Diligence in weekly worship attendance sends a message to our children that honoring God takes precedence over sports, birthday parties, and sleeping in. We exhibit kingdom priorities, testifying to Jesus Christ as Lord over every aspect of our lives. Obedience of love often means sacrifice of self. 

A Sign to the World 

The world may think it strange when we do not participate in things that rival God. When we take a stand by saying we won’t do something because we already have a prior commitment, we bear witness to our kingdom allegiance and priorities. Perhaps such a stand will provoke others to ask for a reason for the hope we have. 

How often do we lose an opportunity to stand out from the world by neglect of the Sabbath, not to draw attention to ourselves but to draw attention to our Lord? Observance of the Sabbath was one of the ways God’s people of old differentiated themselves from the nations around them. 

Sometimes when we have unbelieving friends visit with us we decide not to go to Sunday service because we don’t want to be rude since they are not churchgoers. Yet how unloving to God and neighbor it is to hide our light under a basket! Even if they do not join us, we can speak later of things we learned at the feet of Christ. 

A Sign to Ourselves 

When we carve out time for attendance in weekly worship as an expression of Sabbath observance, we remind ourselves that God is lord of our life and time. We keep a holy appointment to meet with Him to render to Him the glory due His name and to rehearse His blessings in the gospel. 

Our Lord Jesus informs us that the Sabbath was made for us. We lead busy, distracted, wearisome lives, prone to wander, to neglect, to forget our God amidst the travails of life. But God has given us the Sabbath, not merely to rest from our ordinary labors but to find refreshment and renewal, a redemptive reset of sorts. It was when the psalmist entered the sanctuary of God that his perspective was restored and his faith brought into focus (see Psalm 73).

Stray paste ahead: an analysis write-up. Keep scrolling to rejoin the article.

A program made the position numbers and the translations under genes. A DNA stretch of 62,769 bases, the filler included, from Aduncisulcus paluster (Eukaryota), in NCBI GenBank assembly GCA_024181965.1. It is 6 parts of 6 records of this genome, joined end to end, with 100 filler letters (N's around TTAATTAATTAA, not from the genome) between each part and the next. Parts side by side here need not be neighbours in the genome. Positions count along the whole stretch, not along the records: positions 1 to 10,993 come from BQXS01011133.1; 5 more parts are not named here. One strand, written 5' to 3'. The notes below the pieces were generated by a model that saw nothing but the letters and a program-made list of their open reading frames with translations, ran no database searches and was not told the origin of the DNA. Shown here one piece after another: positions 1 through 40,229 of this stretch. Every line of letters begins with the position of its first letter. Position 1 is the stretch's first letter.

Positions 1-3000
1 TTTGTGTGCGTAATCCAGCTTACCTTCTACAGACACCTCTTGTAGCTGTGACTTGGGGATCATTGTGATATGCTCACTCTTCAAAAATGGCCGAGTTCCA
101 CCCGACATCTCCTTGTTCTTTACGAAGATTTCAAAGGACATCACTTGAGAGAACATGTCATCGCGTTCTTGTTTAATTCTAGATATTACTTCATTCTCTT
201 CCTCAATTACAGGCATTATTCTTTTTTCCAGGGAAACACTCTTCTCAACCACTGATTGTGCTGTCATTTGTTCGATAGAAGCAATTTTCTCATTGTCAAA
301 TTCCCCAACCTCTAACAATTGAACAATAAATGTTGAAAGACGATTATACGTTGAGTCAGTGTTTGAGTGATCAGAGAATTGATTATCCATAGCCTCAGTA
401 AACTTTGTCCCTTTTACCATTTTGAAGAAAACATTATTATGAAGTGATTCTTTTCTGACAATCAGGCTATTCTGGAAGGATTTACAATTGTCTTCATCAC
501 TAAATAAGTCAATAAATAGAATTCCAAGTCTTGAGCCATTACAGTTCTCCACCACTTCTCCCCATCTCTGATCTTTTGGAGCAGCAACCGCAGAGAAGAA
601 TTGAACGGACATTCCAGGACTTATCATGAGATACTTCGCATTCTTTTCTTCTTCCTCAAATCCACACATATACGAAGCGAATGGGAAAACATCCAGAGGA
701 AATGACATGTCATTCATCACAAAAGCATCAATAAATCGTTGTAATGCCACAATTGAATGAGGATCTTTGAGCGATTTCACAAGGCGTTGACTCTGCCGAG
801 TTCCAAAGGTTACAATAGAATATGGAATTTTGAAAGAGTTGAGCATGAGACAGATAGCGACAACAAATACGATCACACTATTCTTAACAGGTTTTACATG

Sometimes we hear that we should leave our worries and preoccupations at the door, as though they are to be retrieved after the service like some bulky backpack. Nothing could be further from the truth. We want to lug our burdens in, casting them at the foot of the cross, partaking of the means of grace by which our God satisfies and sustains us. 


As a pastor I would love it when Christmas fell on a Sunday. It seemed the perfect confluence of redemption and renewal, focused on God’s work of salvation in the giving of His Son. It was an opportunity amidst the clamor of the season to be still and know that God is God, our God and the God of our children. 

The culmination of the first Advent awaits the consummation of the second Advent, just as the weekly Sabbath rest signifies and anticipates an eternal Sabbath rest, all because Jesus Christ whose birth we celebrate is risen, reigning, and returning.

Stan Gale

Stanley D. Gale (MDiv Westminster, DMin Covenant) has pastored churches in Maryland and Pennsylvania for over 30 years. He is the author of several books, including A Vine-Ripened Life: Spiritual Fruitfulness through Abiding in Christ and The Christian’s Creed: Embracing the Apostolic Faith. He has been married to his wife, Linda, since 1975. They have four children and nine grandchildren. He lives in West Chester, Pa.
Books by Stan Gale